With a lack of advanced warning, several farmers with stored grain couldn’t move grain — and several bins burst, rendering much of the grain worthless.
"In 2011, we knew the flood was coming,” Wilson says. “We had our first flood meeting two weeks before anything other than some lowlands were affected. People had a chance to move grain and move livestock. This year, it was so sudden there wasn't time for preparation."
• Causal factors. There are several factors that led to the flood events in 2019, as well as in 2011. While farmers and landowners along the Missouri River have been vocal critics of how the U.S. Army Corps of Engineers has managed the Missouri River and its reservoirs leading up to the 2011 and 2019 floods, many agree Mother Nature played a bigger role this year than in 2011.
In November 2010, three upstream reservoirs on the Missouri River had reached the exclusive flood stage where the Corps is required, according to the Missouri River Master Manual, to manage releases to reduce the flooding. In December, the volume in those reservoirs fell to just less than the exclusive flood stage, but from November through February and March, flows still weren't increased — which critics say would have reduced the effect of flooding.
In spring 2011, higher-than-normal snowfall, followed by unusually rapid snowmelt and high rainfall in the northern Plains and Rockies, triggered prolonged flooding downstream. By then, it was too late to release water proactively for flood prevention.
"The flood of 2011 was a manmade flood," says Olson, one of the farmers along the Missouri River who is a plaintiff in an ongoing lawsuit against the Corps of Engineers. “The Corps is in the process of dechannelizing the Missouri River, and they got caught with too much rain up north and didn't have a choice. They had a lot of extra water, but they should have had more room for that water and shouldn't have had to release as much as they did."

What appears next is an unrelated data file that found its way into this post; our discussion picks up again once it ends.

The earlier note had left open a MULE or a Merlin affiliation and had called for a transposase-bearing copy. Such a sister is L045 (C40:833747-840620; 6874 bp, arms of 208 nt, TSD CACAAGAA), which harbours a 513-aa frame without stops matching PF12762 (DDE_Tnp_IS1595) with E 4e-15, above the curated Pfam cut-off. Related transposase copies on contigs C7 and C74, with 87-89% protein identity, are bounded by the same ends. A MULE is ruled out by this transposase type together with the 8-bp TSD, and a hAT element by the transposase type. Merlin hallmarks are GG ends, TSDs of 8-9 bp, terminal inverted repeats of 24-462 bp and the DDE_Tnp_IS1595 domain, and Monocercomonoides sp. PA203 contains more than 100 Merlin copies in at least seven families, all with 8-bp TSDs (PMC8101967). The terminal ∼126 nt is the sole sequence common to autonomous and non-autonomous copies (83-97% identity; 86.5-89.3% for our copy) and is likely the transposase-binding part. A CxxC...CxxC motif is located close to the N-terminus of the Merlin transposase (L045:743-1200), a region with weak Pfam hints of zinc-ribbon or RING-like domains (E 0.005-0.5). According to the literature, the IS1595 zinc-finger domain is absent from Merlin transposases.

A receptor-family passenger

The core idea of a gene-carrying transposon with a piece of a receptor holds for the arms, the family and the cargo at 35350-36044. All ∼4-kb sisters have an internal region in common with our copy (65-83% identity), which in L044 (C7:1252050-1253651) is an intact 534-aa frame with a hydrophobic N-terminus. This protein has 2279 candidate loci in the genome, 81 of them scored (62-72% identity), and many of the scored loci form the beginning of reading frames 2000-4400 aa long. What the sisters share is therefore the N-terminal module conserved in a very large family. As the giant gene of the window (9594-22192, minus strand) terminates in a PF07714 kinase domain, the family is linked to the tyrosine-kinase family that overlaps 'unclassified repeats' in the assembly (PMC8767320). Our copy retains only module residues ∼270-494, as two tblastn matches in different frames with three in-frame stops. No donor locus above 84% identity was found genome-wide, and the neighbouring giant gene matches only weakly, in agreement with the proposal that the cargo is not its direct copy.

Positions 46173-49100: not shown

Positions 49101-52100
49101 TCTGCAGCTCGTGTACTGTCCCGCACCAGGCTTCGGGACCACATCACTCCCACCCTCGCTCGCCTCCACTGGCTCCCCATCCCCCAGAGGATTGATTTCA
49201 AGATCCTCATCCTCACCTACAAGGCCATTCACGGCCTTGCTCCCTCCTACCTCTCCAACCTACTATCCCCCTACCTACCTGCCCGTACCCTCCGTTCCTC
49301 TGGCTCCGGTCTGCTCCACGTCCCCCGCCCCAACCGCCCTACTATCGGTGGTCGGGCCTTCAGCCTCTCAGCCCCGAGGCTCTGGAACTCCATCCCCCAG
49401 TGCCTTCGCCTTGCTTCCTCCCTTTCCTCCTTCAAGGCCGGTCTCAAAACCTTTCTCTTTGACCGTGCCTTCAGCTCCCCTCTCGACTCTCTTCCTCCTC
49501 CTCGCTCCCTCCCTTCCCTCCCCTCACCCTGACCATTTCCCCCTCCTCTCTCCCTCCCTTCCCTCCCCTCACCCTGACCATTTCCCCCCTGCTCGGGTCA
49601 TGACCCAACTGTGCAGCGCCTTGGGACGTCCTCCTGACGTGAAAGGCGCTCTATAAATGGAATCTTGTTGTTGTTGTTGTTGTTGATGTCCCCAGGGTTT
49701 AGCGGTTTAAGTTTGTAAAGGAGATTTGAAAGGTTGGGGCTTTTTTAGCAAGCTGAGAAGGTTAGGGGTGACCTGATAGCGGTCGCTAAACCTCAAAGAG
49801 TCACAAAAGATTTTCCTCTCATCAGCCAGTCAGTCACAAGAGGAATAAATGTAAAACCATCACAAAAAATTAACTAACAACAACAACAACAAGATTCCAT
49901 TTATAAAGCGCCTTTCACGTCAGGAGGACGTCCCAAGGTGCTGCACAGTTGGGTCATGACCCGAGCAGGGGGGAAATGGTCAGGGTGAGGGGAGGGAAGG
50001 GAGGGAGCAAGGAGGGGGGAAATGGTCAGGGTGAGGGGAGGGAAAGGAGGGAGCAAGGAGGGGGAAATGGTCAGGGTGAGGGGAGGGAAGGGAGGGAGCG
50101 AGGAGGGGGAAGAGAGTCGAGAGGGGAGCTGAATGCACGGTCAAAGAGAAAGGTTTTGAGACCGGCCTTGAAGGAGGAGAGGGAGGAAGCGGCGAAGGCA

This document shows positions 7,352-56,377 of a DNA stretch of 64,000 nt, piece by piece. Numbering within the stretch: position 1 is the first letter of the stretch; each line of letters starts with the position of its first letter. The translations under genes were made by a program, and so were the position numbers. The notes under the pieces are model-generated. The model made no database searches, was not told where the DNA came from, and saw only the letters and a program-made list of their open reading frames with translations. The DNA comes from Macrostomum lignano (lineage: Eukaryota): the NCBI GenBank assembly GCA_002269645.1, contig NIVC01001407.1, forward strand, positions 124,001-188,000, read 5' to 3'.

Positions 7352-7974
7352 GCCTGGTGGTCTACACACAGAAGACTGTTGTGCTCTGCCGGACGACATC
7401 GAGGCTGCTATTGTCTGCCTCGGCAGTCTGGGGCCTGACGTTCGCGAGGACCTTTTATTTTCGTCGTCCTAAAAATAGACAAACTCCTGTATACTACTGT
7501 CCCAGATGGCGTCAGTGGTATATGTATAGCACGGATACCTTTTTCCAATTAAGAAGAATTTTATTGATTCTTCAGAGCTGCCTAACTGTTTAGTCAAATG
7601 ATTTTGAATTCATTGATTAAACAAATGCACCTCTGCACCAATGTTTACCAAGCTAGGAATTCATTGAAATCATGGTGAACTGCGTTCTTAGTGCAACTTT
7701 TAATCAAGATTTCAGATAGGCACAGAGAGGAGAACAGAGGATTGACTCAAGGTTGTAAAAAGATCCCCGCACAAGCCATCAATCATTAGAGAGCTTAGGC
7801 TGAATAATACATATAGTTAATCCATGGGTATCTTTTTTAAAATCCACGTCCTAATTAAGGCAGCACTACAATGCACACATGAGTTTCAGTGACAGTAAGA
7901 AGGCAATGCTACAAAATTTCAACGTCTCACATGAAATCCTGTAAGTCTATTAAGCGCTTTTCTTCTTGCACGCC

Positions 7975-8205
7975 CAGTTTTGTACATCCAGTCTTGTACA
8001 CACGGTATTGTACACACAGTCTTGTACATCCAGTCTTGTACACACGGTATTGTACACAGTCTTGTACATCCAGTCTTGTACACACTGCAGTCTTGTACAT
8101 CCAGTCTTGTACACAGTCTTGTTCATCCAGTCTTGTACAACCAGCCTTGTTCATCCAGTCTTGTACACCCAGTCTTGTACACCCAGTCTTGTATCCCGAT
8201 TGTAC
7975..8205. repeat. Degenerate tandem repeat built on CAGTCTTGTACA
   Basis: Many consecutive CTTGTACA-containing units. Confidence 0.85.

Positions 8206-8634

In 2019, Mother Nature played a bigger role. While water bodies above Gavins Point contributed to flooding, water bodies below, such as the Platte and Elkhorn rivers, also contributed.
Still, landowners say the dechannelization of the river played a role in 2019. For example, pumping sand into the middle of the river to create sandbars for birds such as the piping plover and least tern, and cutting wing dikes — structures that jut out perpendicular to the bank on the inside of the curve of the river to create habitat for pallid sturgeon — have contributed to slowing the flow of the river, erosion of river banks and encroachment on adjacent farm ground.
"We got a triple whammy from Mother Nature [in 2019]," Wilson says. "The first was abnormally cold temperatures from mid-January to early March. This caused the ground to remain frozen and any snow that fell didn’t melt gradually. The second was the record or near record snowfall in many locations in February.
“The final ‘whammy’ which lead to the flooding started about March 11 with warmer temperatures and the snow started melting, but on the 12th and 13th when we got a lot of rain, it sped up the melting. If we hadn't had the rain along with it, and it would've just been snowmelt, we would've probably had some flooding but not to this extent. It was kind of a perfect storm, where everything stacked up and worked against us."